Then God said, "Let Us make man in Our image, after Our likeness. And let them have dominion over the fish of the sea and over the birds of the heavens and over the livestock and over all the earth and over every creeping thing that creeps on the earth" (Gen 1:26).In theological circles the concept is called the Imago Dei, Latin for "the Image of God". Humans, according to the beginning of Scripture, are made in the image of God.
What does that mean? Well, some suggest it is a physical similarity. This, of course, makes no sense since God is spirit (John 4:24). But that very well could be one primary component. We have a spirit. The text, on the other hand, suggests at least one component of the image of God in humans. It says, "Let them have dominion." We would, then, be similar to God in the fact that He has given us some measure of dominion. We rule over the earth. An extension to that is found in the following verses where it says, "And God said to them, 'Be fruitful and multiply and fill the earth and subdue it'" (Gen 1:28). There is, then, not only a measure of dominion, but a measure of control. "Subdue it." A task. But included in that command is another similarity to God: "Be fruitful and multiply." We are, then, a reflection of God when we create life. Reproduction is in the image of God. And therein is the primary concept of Imago Dei. We are a reflection of God. Like the moon reflecting the light of the sun, we reflect the glory of God.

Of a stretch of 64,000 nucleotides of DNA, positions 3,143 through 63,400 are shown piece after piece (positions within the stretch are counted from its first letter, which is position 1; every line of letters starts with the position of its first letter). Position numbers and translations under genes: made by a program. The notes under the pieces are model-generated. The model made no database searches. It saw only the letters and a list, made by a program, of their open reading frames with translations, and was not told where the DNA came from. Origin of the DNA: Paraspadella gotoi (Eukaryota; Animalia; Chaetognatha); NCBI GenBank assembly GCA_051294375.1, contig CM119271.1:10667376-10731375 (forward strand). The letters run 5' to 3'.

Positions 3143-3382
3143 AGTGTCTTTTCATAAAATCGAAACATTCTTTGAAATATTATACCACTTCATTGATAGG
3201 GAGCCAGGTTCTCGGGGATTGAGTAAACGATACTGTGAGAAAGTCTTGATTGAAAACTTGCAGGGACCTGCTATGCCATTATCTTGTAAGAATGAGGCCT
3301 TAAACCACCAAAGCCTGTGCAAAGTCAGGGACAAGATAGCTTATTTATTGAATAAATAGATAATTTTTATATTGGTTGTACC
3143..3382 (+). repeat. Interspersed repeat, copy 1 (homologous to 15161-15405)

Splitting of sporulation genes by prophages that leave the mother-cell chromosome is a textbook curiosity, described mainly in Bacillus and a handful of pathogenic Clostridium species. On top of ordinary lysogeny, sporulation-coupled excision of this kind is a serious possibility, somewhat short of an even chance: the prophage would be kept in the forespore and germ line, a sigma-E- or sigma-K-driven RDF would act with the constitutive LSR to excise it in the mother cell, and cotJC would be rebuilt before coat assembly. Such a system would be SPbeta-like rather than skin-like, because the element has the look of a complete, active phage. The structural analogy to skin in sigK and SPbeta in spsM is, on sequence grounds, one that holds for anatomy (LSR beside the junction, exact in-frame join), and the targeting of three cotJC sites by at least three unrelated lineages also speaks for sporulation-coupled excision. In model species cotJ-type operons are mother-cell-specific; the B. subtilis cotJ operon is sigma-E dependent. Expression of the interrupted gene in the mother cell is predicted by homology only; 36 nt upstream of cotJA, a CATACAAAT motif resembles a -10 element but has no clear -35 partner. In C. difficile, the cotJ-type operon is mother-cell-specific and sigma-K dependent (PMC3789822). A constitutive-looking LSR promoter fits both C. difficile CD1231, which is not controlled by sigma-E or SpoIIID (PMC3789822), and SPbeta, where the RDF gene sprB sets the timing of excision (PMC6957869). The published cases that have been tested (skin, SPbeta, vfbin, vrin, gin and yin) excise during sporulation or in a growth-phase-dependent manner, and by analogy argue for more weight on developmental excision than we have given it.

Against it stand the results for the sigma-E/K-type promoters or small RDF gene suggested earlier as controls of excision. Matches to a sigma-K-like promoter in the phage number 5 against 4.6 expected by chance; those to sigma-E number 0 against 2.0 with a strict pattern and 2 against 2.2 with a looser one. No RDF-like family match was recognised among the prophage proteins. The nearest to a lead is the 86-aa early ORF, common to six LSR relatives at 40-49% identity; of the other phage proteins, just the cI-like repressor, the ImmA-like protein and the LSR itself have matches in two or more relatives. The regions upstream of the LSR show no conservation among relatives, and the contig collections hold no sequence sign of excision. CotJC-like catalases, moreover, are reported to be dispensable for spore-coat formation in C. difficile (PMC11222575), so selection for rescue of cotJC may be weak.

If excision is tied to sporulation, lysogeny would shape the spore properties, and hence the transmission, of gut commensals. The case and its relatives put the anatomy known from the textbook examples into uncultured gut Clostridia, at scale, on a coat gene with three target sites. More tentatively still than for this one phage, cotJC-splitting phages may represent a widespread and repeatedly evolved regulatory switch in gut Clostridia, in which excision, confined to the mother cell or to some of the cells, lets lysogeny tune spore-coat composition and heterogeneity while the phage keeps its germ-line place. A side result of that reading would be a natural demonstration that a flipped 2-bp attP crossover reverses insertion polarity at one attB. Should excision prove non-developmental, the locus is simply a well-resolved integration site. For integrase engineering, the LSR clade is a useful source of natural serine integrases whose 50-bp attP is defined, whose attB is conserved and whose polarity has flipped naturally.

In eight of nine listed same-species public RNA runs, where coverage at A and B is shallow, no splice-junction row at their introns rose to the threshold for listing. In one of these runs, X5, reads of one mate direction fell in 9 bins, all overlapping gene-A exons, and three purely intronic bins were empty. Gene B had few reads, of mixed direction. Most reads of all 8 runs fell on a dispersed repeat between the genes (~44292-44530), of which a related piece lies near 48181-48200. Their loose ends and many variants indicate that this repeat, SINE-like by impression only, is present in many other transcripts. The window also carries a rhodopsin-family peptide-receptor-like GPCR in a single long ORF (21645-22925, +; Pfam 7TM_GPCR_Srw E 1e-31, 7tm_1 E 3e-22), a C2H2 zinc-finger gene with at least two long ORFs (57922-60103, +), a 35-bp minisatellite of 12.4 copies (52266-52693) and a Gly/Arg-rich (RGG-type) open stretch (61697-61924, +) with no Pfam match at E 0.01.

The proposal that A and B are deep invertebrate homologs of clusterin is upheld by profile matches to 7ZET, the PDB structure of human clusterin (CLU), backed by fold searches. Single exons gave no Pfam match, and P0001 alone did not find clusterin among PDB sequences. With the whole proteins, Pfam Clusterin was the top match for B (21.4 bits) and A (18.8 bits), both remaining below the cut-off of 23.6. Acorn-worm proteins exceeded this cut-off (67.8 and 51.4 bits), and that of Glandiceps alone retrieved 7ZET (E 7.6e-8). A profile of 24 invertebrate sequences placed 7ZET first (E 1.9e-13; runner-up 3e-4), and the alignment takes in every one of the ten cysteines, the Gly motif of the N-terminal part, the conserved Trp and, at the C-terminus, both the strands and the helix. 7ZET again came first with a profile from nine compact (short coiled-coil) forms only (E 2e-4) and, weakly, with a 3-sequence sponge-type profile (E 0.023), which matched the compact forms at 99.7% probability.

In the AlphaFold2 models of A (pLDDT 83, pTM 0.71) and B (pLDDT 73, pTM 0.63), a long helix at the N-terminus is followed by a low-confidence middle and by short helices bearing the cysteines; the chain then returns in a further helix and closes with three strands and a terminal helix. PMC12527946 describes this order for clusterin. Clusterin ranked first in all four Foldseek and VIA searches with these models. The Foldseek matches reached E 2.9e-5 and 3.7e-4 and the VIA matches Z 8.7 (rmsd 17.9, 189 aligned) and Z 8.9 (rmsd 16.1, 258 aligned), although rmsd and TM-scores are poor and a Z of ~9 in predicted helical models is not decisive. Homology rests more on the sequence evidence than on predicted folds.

One of the key components of the Imago Dei in humans is found indirectly in the simple fact that we are given dominion and we are given commands. Thus, humans, as a reflection of God, are moral creatures. Animals don't share the same moral structures. They don't have rules against theft and murder, for instance, which, when violated, threaten their souls. But as those who reflect the nature of God, we are creatures of morality at the core.
Some have suggested that the Imago Dei is gone. They suggest that it ended when Adam sinned. That concept would suggest that our primary reflection of the image of God was in our sinlessness. When that ended, so did the reflection. This simply isn't true. David, in Psalm 8, repeats the principle. He says, "What is man that You are mindful of him, and the son of man that You care for him? Yet You have made him a little lower than the heavenly beings and crowned him with glory and honor. You have given him dominion over the works of Your hands; You have put all things under his feet" (Psa 8:4-6). Still in effect. When Noah and family left the ark, God instituted human government. In that institution, He called for capital punishment. The notion of putting someone to death for murder, you see, was ordained by God. But the reason for that extreme punishment was given after the Fall. What was the reason? "Whoever sheds the blood of man, by man shall his blood be shed, for God made man in His own image" (Gen 9:6). Thus, the Imago Dei was still in effect after Noah. And the principle was God's baseline for the value of human beings. Animals were not made in the image of God; humans are. Thus, James warns of the faulty use of the tongue: "With it we bless our Lord and Father, and with it we curse people who are made in the likeness of God" (James 3:9). Still in effect.
If you examine the concept in theological circles, you'll find variations in definition and application. That's fine. Suffice it to say that we were created in the image of God and that this fact remains. Being in that image, whatever it means in its entirety, ought to alter how we behave, how we value human life, and how we view our Creator. As a first example, it is the fundamental basis for a pro-life (as opposed to "anti-abortion" or "anti-choice") position. Now, you can work out other applications.